UPDATE: The state Court of Appeals has ruled the election maps drawn by Democratic lawmakers are unconstitutional. More details when they become available.
The state’s highest court heard oral arguments Tuesday in a case that could throw the June primary elections into turmoil.
The case before the Court of Appeals will determine the fate of election maps drawn by Democrats in the State Legislature after a bipartisan commission was unable to come up with maps that both parties could agree on. Earlier this month, a Steuben County judge ruled the Democrat-drawn maps were unconstitutional under a 2014 amendment expressly forbidding partisan gerrymandering and establishing a commission to draw new maps every ten years after the federal census.
In their questioning, several justices seemed reluctant to get the judicial system involved in what is, essentially, a political dispute.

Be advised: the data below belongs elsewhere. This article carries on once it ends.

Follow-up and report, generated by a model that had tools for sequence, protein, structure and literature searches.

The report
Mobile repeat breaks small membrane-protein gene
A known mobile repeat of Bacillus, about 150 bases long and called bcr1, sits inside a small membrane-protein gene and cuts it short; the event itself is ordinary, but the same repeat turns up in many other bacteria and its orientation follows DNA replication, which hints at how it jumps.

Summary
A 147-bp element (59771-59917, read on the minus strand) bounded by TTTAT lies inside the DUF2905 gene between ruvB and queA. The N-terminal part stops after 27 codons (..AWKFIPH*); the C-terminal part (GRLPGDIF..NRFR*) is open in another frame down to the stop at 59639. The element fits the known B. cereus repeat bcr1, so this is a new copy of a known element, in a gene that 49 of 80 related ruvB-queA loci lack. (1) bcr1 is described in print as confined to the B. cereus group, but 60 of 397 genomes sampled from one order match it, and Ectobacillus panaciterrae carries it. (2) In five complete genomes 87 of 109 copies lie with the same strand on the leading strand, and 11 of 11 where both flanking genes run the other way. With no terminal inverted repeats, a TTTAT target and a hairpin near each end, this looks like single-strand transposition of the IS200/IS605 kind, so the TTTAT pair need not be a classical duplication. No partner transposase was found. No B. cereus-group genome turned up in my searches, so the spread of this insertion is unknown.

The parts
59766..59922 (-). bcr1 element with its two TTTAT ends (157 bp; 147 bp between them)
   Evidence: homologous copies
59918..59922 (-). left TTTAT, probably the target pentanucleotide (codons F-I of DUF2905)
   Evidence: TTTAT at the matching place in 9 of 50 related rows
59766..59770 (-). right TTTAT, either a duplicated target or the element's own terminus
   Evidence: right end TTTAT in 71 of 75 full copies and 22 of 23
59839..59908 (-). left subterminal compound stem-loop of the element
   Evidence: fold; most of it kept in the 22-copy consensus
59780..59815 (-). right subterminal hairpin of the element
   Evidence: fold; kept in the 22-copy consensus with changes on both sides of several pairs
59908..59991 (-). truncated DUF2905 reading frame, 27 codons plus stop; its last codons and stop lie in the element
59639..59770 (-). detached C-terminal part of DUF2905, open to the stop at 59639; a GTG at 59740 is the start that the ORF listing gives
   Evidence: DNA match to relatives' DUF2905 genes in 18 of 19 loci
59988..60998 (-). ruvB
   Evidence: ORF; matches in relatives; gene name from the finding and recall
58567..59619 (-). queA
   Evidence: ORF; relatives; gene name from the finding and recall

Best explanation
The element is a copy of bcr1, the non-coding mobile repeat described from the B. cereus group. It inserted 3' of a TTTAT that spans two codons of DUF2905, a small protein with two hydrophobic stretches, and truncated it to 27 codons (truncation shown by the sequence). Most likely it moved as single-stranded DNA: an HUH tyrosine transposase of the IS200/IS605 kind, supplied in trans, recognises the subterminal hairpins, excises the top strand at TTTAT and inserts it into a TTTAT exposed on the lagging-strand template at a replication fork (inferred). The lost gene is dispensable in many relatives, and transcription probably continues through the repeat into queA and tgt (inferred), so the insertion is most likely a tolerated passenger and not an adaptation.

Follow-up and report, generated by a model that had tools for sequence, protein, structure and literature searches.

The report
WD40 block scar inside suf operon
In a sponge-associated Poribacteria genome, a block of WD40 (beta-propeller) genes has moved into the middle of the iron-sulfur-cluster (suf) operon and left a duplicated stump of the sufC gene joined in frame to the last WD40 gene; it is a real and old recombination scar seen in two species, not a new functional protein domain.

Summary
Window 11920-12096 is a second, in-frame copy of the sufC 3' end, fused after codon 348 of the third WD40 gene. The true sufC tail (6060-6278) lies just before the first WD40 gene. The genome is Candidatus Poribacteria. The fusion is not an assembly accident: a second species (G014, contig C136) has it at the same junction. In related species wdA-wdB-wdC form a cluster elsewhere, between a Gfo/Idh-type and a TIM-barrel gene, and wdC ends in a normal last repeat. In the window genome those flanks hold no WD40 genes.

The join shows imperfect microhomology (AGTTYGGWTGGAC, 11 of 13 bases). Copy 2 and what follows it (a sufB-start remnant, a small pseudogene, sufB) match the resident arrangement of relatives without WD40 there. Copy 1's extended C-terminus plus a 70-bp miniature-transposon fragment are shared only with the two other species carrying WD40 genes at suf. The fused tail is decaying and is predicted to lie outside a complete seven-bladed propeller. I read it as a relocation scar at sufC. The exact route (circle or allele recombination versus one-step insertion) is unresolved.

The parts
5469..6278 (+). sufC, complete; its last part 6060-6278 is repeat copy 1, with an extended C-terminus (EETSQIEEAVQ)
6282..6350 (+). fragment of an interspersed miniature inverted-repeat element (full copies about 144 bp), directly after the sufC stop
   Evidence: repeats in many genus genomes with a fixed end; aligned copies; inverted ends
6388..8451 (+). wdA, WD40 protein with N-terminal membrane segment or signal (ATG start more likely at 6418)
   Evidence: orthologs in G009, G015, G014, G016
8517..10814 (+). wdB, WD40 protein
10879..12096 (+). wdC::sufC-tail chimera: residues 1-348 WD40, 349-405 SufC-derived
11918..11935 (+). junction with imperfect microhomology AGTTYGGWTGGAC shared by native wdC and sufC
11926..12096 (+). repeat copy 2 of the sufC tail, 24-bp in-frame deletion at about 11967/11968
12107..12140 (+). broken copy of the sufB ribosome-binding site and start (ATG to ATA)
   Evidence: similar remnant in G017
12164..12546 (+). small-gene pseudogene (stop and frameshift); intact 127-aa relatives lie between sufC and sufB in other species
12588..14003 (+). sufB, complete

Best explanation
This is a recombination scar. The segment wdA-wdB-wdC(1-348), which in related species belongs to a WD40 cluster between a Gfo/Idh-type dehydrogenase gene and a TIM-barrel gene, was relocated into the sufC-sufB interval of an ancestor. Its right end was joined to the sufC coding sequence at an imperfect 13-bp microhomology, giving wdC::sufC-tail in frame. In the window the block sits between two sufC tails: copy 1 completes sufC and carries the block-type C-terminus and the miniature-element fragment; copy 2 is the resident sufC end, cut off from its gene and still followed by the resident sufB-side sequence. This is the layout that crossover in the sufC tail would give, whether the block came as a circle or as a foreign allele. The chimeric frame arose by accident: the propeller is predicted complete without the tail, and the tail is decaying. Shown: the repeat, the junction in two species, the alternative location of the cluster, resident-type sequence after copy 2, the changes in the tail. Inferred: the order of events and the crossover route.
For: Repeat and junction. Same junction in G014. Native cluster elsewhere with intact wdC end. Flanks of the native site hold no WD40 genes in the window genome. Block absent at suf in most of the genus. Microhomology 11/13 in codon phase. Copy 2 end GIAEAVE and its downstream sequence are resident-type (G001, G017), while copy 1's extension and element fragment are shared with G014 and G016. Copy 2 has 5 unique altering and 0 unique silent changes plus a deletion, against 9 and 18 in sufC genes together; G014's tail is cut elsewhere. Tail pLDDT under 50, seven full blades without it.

Earlier this year, the ten-member commission was unable to agree on one set of maps and so sent two maps, one drawn by Democratic members of the commission and one by Republicans, to the legislature. The map chosen by Democratic lawmakers gives Democrats the advantage in 22 of 26 Congressional districts.
The state Legislature has until April 30 to draw new maps. If it is unable to do so, the task will fall on a court-appointed expert. In the meantime, Congressional candidates are campaigning in districts whose boundaries may change, in a primary election that may or may not be held on June 28.
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